Enough has certainly been written about the implications of the recent salmonella outbreak in peanut products, so I’m going to go ahead and add the straw that breaks the metaphorical camel’s metaphorical back. As a student of food science (“Not enough food or science”, to quote my undergraduate advisor), it’s my informed judgment that we need to form a mob, just a whole bunch of mens, just running. To paraphrase Marion Nestle, we’re not unreasonable in expecting our food to be free of shit. So I’m going to write about distilled liquor, which I can guarantee is 100% shit-free.
Maybe it’s because the temperature has stayed well below freezing in Illinois for the last few weeks, but Scotch has been very much on my mind. Luckily, mixing with Scotch seems to be the new thing this year. Or something. I know for sure that Scotch was the subject of an article in the latest Imbibe, and that it showed up in a lot of the cocktails from this month’s MxMo. So, with that in mind, I’ve been toying with something that I’m now satisfied with: the Improved Scotch Cocktail.
Improved Scotch Cocktail
- 2 oz blended Scotch (I use Islay Mist)
- 2 barspoons simple syrup (Homemade Jaggery Syrup)
- 1 dash Maraschino (Luxardo)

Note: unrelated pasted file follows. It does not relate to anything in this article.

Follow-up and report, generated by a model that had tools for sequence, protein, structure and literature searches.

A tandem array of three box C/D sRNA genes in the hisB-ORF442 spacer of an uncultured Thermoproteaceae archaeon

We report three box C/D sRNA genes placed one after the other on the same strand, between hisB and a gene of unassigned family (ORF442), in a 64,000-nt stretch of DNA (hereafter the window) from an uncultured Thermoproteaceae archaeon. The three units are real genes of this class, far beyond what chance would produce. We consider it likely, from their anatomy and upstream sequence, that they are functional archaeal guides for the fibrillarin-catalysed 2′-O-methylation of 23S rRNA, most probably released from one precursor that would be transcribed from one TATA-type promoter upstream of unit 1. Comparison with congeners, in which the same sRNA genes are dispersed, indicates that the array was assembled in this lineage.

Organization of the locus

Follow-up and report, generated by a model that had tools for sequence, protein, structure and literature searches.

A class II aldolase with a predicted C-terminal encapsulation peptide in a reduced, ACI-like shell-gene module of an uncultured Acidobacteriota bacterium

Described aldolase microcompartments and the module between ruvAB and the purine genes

- 1 dash Absinthe (Herbsaint)
- 2 dashes Peychaud’s Bitters
Stir well over ice. Garnish with a lemon zest and brandied cherries on a stick, if you’ve got them.
While this is certainly not a new drink (the Improved Cocktail being one of the many fine recipes to be found in Dave Wondrich’s Imbibe!, not to be confused with the magazine), I don’t think he actually suggests making it with Scotch, which is a shame because, as Jamie Boudreau points out, Scotch, cherry, and Peychaud’s (read: anise) are made for each other. It also plays into my new-found enjoyment of moderate amounts of Maraschino.
I tried making this with a single malt (Tamdhu 10-year), and found that it was missing something. The Islay Mist, despite recalling a name for off-brand soap, is a nicely smokey blend, which, while not super-classy, really does well in mixed drinks. That being said, the Tamdhu is a Speyside, and I don’t have the heart (or, really, financial wherewithal) to experiment with using my bottle of young Caol Ila, a super-smoky Islay, in this drink.